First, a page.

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Together with my teammates, I'm trying to self-learn XP and apply its principles. We're successfully working in TDD and happily refactoring our code and design. However we're having problems with the overall view of the design of the project.

Lately we were wondering what would be the "good" practices for an effective continuous design of the code. We're not strictly seeking the right model, like CRC cards, communication diagrams, etc., instead we're looking for a technique to constantly collaborate on the high level view of the system (not too high though).

I'll try to explain myself better: I'm actually interested in the way CRC cards are used to brainstorm a model and I would mix them with some very rough UML diagrams (that we already use). However, what we're looking for are some principles for deciding when, how and how much to model during our iterations.

Have you any suggestion on this matter? For example, when your teammates and you know you need a design session and how your meetings work?

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closed as too broad by gnat, Dan Pichelman, MichaelT, Martijn Pieters, amon Feb 22 at 15:34

There are either too many possible answers, or good answers would be too long for this format. Please add details to narrow the answer set or to isolate an issue that can be answered in a few paragraphs.If this question can be reworded to fit the rules in the help center, please edit the question.

4 Answers

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We call a design session whenever any of us feels uncertain about how to implement a new feature / refactoring. Or even if we feel we clearly have a (rough) idea, but the problem is complex enough so that we don't fully oversee the whole of it.

In the first case, it is obvious that we benefit from discussing the problem together and getting thoughts, suggestions and criticism from others. In the second case it is still true that the more eyes there are to check the rough design, the better. But even if the design turns out to be "perfect" (which practically never happens in real life), it is still beneficial to share the common understanding about the specific problem and its solution within the team. This helps keeping the architectural vision consistent across the whole team.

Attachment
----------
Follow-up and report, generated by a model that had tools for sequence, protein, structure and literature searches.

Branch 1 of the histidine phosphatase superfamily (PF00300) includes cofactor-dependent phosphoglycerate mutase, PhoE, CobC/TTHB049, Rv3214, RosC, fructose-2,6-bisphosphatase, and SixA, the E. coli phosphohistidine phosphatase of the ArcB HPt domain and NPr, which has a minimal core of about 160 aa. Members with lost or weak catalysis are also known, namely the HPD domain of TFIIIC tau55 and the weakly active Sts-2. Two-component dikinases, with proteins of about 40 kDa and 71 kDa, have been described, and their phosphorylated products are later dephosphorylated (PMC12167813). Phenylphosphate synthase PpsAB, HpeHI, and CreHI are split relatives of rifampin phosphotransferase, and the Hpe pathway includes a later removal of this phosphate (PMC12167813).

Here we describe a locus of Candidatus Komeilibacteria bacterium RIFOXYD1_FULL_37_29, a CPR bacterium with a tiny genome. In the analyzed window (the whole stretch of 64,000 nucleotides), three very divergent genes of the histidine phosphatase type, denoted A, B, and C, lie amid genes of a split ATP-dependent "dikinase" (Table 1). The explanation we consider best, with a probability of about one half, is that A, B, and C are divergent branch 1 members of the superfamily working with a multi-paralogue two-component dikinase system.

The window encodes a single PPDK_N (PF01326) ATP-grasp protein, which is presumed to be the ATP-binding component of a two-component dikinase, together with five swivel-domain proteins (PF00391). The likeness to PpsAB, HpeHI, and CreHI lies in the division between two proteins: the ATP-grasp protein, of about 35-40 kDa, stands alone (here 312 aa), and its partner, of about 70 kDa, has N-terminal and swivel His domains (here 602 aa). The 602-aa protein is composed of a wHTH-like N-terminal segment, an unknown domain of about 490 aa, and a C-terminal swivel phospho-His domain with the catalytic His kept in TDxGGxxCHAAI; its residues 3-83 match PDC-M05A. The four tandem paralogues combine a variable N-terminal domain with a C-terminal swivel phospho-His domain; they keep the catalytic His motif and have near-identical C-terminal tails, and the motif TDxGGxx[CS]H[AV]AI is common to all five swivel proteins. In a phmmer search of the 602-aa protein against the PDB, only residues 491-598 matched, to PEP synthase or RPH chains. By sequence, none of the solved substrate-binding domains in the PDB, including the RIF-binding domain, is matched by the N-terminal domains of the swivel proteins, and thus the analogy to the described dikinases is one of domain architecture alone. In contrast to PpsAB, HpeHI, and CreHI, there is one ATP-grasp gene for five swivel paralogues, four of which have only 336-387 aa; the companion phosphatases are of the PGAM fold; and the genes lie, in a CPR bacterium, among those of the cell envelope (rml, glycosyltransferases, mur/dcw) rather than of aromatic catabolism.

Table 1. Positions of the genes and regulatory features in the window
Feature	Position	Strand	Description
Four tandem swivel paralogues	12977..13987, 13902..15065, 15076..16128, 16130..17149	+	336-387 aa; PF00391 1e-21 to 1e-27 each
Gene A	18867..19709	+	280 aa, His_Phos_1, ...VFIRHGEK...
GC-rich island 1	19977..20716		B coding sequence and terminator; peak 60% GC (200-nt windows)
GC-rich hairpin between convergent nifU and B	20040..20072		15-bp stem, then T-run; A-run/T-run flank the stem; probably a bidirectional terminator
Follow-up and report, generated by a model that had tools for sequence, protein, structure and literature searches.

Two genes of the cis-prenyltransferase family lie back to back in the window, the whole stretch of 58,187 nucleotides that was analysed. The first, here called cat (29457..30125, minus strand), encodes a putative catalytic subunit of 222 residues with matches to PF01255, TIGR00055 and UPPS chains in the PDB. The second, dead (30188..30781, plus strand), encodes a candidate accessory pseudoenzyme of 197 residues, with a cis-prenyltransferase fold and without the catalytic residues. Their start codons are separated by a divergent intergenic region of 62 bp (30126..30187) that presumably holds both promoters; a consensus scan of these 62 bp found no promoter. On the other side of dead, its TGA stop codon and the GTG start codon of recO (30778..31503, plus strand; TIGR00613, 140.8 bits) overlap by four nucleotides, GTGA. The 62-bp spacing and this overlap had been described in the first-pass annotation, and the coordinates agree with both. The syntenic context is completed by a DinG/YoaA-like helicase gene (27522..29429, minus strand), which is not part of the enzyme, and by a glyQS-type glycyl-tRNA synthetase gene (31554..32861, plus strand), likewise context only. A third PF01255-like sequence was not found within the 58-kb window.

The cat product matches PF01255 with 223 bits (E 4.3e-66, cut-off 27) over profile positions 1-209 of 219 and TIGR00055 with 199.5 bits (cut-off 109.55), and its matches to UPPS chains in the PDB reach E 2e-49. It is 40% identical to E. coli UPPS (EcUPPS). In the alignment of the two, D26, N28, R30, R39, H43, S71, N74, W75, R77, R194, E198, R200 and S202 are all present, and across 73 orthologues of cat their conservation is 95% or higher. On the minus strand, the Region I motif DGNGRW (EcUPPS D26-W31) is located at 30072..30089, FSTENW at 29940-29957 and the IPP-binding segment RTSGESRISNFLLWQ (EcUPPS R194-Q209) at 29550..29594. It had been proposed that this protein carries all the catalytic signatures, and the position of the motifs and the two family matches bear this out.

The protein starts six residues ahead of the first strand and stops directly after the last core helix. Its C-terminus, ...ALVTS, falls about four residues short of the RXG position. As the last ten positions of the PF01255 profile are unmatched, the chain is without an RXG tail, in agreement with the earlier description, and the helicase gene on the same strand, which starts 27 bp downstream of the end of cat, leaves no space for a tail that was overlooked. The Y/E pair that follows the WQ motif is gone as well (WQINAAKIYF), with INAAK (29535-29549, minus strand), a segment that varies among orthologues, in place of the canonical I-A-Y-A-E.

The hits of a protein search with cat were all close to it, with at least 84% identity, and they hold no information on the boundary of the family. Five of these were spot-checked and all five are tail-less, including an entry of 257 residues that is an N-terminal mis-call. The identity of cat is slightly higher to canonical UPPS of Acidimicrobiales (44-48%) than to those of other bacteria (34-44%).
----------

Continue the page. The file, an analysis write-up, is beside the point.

We use rough UML sketches, but no CRC cards btw.

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I have a lot of questions, I'm sorry but I'm so curious! :) How often do you usually make a design session? How long does it take you? (do you timebox it?) Do you pin the resulting sketches somewhere around the team workplace? –  Marco Ciambrone Feb 3 '11 at 14:42
@d3prok, it varies. In a previous project where we were building an app from scratch, we had design sessions weekly on average, and they usually lasted from 30 minutes to 1,5 hours (if it took longer, we usually broke it up into multiple sessions). We used a whiteboard, and the sketches stayed there for a couple of weeks. One of the project goals was to have good documentation, so many of the sketches (or rather what evolved from them during implementation) later got incorporated into our design docs. –  Péter Török Feb 3 '11 at 15:07
@d3prok, currently I am working on a legacy project, so design sessions are needed much less frequently. Often we do design reviews instead, after something has been implemented/refactored by someone. –  Péter Török Feb 3 '11 at 15:10
éter, thanks a lot for these experiences sharing! Thinking deeply over it, I will arrange with the team explicit timeboxed design sessions during the iteration planning (through customer tests driven explorations) and also right after each daily standup (at least at the beginning, to make the team accustomed to daily design). About the models...I'll wait for the team to take a decision :) –  Marco Ciambrone Feb 3 '11 at 16:18